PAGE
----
THE MINNIS administration is seeking to immediately implement protections for whistleblowers in the Freedom of Information Act, despite not having a date as to when the entire legislation will be revised and fully enacted, according to Attorney General Carl Bethel.
In an interview with reporters, Mr Bethel said the AG’s office received the Freedom of Information Act (FOIA) files last Thursday and his team has dedicated this week to “aggressively” reviewing the bill and consulting with the private and public sector on whatever changes need to be made.
The former Christie administration passed a FOIA in Parliament in February. However, only part one and sections of part five and eight of the legislation have been enacted, allowing for the appointment of an information commissioner and repealing the 2012 FOIA.
Since then, various civil society organisations (CSOs) have pressed the government to pick up recommendations to amend the FOIA, calling on the Minnis administration to not only look to the timely enactment of the FOIA, but to also take the opportunity to make revisions to strengthen it.
Shortly after the general election in May, State Minister for Legal Affairs Elsworth Johnson confirmed the government is considering amendments to the FOIA.
“We have just within a few days ago been given the portfolio with responsibility for the Freedom of Information Act, it has been returned to this office and the file just got on my desk quite literally yesterday (Thursday) afternoon. So over the course of this week, I with my senior officials, will be sitting down to determine how to proceed from here,” Mr Bethel said.
“One thing we are committed to as a matter of policy to doing almost immediately is to, at an appointed day’s notice, see if we can bring into force those provisions of the act that deal with the protection of whistleblowers but we don’t want to just have a single step approach we want to immediately look at the broader question of implementing the entire act as quickly as possible and also having an ongoing dialogue with civil society and others who wish to suggest further ways in which we can improve the operations of FOIA.
He said: “It is a specific policy of this government and we intend to aggressively seek to bring it into force as quickly as possible and improve it where necessary.”
Part one and sections of part five and eight of the legislation were enacted on April 21, bringing the legislation into force allowing for the appointment of an information commissioner and repealing the 2012 Freedom of Information Act (FOIA).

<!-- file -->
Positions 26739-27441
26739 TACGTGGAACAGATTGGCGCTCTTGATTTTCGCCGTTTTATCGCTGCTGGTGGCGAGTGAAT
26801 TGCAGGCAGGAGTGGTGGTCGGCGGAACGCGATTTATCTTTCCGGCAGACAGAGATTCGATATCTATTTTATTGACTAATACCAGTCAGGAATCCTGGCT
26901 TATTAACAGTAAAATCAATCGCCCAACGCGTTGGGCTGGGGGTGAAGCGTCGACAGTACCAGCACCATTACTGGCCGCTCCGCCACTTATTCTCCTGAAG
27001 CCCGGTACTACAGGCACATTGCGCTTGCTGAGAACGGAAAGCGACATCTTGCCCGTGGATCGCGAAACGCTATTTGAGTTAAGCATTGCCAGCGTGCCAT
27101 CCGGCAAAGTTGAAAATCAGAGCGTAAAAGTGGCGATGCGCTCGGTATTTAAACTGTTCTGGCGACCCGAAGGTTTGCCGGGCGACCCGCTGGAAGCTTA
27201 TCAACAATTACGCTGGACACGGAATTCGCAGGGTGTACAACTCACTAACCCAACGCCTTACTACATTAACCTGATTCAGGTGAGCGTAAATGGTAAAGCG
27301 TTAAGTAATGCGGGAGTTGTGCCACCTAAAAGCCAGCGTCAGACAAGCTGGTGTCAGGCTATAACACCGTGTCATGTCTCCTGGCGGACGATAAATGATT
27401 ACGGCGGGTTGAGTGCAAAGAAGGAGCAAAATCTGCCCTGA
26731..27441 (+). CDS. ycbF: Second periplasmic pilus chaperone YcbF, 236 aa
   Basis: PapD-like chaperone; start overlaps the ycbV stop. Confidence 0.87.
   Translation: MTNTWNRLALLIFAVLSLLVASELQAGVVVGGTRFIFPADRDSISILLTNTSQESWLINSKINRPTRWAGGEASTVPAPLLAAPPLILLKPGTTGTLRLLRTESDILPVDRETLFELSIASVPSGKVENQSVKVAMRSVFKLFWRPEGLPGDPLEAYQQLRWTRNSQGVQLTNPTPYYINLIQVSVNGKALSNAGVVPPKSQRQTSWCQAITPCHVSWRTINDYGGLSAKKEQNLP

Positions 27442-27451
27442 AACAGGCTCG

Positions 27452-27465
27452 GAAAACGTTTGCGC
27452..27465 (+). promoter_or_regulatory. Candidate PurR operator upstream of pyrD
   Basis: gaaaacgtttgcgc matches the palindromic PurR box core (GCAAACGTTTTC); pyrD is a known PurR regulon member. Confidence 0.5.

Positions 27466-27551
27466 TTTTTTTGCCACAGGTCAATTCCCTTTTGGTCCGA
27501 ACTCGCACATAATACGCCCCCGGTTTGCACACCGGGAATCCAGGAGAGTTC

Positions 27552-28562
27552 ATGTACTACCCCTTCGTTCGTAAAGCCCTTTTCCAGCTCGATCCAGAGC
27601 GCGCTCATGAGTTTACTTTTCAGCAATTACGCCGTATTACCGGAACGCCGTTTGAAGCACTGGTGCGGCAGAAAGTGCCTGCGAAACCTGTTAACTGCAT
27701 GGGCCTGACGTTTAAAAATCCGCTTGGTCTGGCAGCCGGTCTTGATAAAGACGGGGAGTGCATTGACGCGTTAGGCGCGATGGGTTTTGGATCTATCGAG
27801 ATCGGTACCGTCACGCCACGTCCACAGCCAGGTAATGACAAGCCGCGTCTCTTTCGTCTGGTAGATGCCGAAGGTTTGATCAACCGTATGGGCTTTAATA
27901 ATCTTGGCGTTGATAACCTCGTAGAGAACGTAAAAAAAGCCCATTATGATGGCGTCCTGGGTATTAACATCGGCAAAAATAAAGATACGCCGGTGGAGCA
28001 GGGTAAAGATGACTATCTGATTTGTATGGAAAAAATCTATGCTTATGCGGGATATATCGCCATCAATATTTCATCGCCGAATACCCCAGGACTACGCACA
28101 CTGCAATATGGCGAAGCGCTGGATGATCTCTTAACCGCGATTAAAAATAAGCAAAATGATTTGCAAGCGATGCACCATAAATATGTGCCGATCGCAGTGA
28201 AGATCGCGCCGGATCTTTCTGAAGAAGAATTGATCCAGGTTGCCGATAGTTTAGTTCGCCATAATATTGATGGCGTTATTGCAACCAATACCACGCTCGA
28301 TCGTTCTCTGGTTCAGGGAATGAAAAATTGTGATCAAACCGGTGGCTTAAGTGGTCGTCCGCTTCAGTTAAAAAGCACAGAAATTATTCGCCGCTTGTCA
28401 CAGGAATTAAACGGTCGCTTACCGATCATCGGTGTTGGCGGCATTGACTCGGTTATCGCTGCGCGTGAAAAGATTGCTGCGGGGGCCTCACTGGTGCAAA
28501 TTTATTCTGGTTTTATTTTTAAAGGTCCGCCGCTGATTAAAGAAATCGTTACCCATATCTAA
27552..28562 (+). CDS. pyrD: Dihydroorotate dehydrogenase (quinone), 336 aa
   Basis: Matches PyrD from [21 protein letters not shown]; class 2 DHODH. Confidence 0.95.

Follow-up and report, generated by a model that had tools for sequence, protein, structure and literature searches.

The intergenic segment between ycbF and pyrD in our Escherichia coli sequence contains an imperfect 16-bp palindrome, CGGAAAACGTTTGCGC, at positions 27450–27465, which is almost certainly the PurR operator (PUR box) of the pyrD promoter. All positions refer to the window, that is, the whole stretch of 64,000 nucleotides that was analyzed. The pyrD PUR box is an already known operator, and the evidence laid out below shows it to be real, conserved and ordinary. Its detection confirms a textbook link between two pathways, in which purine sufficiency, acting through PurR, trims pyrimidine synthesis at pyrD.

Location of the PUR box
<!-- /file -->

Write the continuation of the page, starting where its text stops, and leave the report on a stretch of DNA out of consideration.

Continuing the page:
As for whistle-blowers, the Act states: “No person may be subject to any legal, administrative or employment related sanction, regardless of any breach of a legal or employment related obligation, for releasing information on wrongdoing, or that which would disclose a serious threat to health, safety or the environment, as long as he acted in good faith and in the reasonable belief that the information was substantially true and disclosed evidence of wrong-doing or a serious threat to health, safety or the environment.”
Wrongdoing was said to include, but is not limited to: commission of a criminal offence; failure to comply with legal obligation; miscarriage of justice; or corruption, dishonest, or serious maladministration.
The act specifies between “minister,” which refers to the minister with responsibility for government information, and “responsible minister,” which is used in relation to a public authority, and refers to the government minister who has ministerial responsibility for the public authority that holds the record.
Under the previous administration, responsibility for the act was vested in the Ministry of Education Science and Technology, under then Minister of Education Jerome Fitzgerald.
The previous Ingraham administration passed a FOIA shortly before the 2012 general election, however there was no date for enactment. The incoming Christie administration then overhauled the legislation, and conducted an extensive public consultation process.
However, the bill was only partially enacted ahead of the May 10 general election.
Activists have expressed concern over the stalled pace of the bill, and a collective of 20 civil society organisations issued a statement calling for the government to consider recommendations for revisions but ultimately move ahead with full enactment.